365 Days of Women Writers

Women writers only – no boys allowed

Day 23: Reckless by Cornelia Funke

with 2 comments

I have to say that I love Inkheart with an unreasonable and giddy love. It gives me shivers because it’s so awesome and few books celebrate books and the act of reading as much as it does. When I wrote about comfort books, Inkheart is definitely one of my go to books. I think that’s why I was so very disappointed with the sequels – they were good, but they lost the magic quality of the original.

Which brings me to Reckless, Funke’s latest novel. The book opens with Jacob sneaking into his father’s study – former study actually, his father having disappeared several years before – and finding his way into a magic land via a mirror.

Rather unusually for a children’s book, the story then cuts forward 18 years and the remaining action happens when he and his brother William (no it’s not a coincidence that they have the same first names as the Grimm brothers) are adults.

William has followed Jacob through the mirror and is turning to stone – a goyl, a race of stone people who live below the ground and have been warring with the surface folk. Now Jacob’s desperate to cure his brother in an attempt to feel worthy of Will’s trust in him and the guilt he’s felt for abandoning Will.

It reminds me a bit of MacDonald’s The Princess and the Goblin but with a modern edge. Oh, and the goblins win the war.

There are echoes of fairy tales throughout the story and for the most part they don’t intrude on the story (I particularly liked the bit with the children-eating witches.) But for the most part it doesn’t add much.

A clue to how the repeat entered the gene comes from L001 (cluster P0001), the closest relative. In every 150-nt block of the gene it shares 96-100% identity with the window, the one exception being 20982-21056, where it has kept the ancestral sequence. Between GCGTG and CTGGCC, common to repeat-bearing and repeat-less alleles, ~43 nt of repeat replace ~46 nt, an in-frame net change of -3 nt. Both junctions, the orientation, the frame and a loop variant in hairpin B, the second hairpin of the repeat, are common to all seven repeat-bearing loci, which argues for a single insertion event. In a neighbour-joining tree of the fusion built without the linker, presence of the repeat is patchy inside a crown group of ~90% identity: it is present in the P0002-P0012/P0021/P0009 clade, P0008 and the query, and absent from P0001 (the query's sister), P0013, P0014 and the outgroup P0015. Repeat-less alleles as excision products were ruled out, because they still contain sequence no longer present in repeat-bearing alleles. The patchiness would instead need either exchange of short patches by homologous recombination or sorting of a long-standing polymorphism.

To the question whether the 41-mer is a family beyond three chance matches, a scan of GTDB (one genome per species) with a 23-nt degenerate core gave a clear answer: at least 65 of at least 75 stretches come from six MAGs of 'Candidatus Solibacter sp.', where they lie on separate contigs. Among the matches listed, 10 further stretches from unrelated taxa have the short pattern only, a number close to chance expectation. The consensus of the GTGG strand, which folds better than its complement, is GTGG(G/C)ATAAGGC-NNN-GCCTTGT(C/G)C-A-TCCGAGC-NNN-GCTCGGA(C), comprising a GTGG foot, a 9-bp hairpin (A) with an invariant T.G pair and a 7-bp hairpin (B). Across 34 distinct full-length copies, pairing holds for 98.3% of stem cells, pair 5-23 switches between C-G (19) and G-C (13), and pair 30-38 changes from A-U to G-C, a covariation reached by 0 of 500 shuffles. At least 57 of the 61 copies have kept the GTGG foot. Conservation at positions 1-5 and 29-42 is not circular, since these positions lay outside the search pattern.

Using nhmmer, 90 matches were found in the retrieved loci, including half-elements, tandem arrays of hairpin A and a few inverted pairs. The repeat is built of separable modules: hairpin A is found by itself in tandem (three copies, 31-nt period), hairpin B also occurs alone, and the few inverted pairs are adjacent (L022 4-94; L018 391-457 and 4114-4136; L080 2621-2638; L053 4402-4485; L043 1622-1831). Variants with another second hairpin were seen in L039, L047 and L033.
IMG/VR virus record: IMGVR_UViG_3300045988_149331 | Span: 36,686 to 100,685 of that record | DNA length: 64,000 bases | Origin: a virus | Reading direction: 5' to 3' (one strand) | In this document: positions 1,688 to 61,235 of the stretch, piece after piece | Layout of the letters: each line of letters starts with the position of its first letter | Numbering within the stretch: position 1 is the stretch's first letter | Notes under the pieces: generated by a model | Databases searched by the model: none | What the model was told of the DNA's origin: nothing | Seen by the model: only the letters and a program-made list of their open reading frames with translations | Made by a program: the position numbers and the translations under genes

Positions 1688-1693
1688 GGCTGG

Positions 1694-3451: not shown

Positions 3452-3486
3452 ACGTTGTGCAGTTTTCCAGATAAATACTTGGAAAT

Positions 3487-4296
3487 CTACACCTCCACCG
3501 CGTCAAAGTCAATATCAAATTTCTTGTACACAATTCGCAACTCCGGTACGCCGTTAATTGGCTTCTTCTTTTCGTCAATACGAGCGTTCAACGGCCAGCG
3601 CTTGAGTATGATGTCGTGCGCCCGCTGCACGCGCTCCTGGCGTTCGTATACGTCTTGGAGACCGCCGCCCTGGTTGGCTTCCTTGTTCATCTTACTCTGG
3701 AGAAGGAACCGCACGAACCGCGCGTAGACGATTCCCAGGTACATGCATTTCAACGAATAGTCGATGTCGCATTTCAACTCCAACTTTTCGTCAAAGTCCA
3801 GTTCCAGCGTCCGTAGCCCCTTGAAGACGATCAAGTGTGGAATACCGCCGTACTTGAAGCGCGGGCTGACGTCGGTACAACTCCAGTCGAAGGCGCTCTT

I really liked the worldbuilding – Funke is a master of bringing us into her world and making us feel like we are there, and even better, wish we were there. I particularly like Fox, the girl who was given a foxskin who has fallen in love with Jacob but is so wedded to the freedom given by her fox shape she rarely chooses to be a human companion to him.

The book falls down on two fronts for me. First is the plotting. It is unfortunately a “run from place to place to attempt to gain the magic widget” (the widget being the cure to Will’s Goyl infection) type plot.

Funke commits a literary crime I’ve complained about before: She kills a character and then takes it back. NEVER DO THIS. If a character is going to come back to life, it ought to be hard.

Additionally, Funke is far too free with the magic get-out-of-jail-free card. You need to climb up the side of a castle? Oh what’s that in your pocket, some magic snail slime that will turn you invisible and a “Rapunzel hair” which is the ultimate climbing rope? Well, good thing you happened to have these things in your pocket. It’s convenient and unconvincing and while you ricochet from event to event, these sorts of things make the story far less effective than it could have been.

My second big gripe with the story, and it may be that this is addressed in the full series, is Jacob’s relationship with his father. It’s so central to how the story opens and what drives him into the fairy land, and yet it rarely makes an appearance in the story. His father is at the heart of Jacob and I wanted him to be part of the story, not at the edges.

The book is readable, enjoyable even, but it was not terribly memorable. When I was done I didn’t want to linger or flip back to the beginning and begin again.

ps, how ugly is the American cover (on the left below)? UK cover totally kicks its ass.

Written by Chance

October 10, 2010 at 4:28 pm

Posted in cornelia funke, novel

2 Responses

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  1. the visual effects of inkheart is really great, but i the visual of effects of Transformers is the best “

    Lawn Aerator ·

    November 3, 2010 at 5:16 pm

  2. inkheart has great graphics but the story is not that very impressive `”

    Foam Insulations

    December 2, 2010 at 5:44 am

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